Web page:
If you've ever read Plait's blog yourself, you'll know of his quirky sense of humor, and his absolute love of science. He keeps the best of those aspects in this book. I definitely recommend this book.

Egyptian Book of the Dead

I've already completed a full review of this book.

To quote from my full review, "[The Egyptian] conception of the afterlife... was a bit different than the Christian one that most people in this country are used to. There wasn't a simple, one time judgment, after which the deceased either went to heaven or hell. The afterlife was more like a parallel world, and the dead would have to know how to get around." The Book of the Dead was their guide to that world.
The book I read contained a copy of the Egyptian Book of the Dead, but it also contained a very extensive introduction. To quote from my full review again, "I enjoyed the book quite a bit, particularly the introduction, which was actually more of a history lesson in ancient Egyptian religion. However, after doing more research on the book, it appears that Budge made several mistakes. This is understandable, of course, considering how much we've learned since Budge performed the translation. However, if one were interested in getting the most accurate picture of ancient Egyptian religious beliefs, there are probably better sources out there."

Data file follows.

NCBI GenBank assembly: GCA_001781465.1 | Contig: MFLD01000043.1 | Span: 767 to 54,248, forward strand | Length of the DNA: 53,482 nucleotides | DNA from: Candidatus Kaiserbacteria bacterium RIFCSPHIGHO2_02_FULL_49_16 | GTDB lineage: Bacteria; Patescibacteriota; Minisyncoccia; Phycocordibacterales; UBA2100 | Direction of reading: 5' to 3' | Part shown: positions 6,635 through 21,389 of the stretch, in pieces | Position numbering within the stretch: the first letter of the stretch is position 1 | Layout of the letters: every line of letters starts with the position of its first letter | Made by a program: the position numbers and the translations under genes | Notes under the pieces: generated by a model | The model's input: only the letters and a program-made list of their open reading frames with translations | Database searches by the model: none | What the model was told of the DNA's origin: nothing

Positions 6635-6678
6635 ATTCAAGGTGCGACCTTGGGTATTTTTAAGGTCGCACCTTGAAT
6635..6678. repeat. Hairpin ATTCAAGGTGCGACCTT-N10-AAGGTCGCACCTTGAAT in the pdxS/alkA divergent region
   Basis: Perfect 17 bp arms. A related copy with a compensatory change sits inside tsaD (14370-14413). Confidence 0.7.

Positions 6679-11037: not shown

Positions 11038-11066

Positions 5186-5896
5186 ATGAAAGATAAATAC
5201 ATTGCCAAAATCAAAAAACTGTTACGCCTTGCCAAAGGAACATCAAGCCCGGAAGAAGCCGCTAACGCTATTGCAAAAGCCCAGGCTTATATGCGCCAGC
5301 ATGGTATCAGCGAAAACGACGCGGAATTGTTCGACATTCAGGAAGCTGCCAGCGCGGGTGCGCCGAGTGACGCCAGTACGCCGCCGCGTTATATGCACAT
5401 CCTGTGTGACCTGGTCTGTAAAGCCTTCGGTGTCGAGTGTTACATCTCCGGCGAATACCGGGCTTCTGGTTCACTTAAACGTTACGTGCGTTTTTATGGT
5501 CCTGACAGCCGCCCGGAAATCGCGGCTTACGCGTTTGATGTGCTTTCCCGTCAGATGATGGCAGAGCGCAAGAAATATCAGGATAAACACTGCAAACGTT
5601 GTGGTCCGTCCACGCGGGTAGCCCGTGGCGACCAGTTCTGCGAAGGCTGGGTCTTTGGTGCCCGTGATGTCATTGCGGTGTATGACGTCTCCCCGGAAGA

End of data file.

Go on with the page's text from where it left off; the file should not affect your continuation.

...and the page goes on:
Updated 2010-11-18 I realize this is awfully late to be fixing up an entry, but there were a few mistakes I've been meaning to fix for a while ow, and just finally got around to doing it. Mostly, it was going to entries where I'd put XXXXX in place of names I couldn't remember, and putting in the actual names. I also fixed a handful of typos. And while I was at it, I added the index near the start of the entry.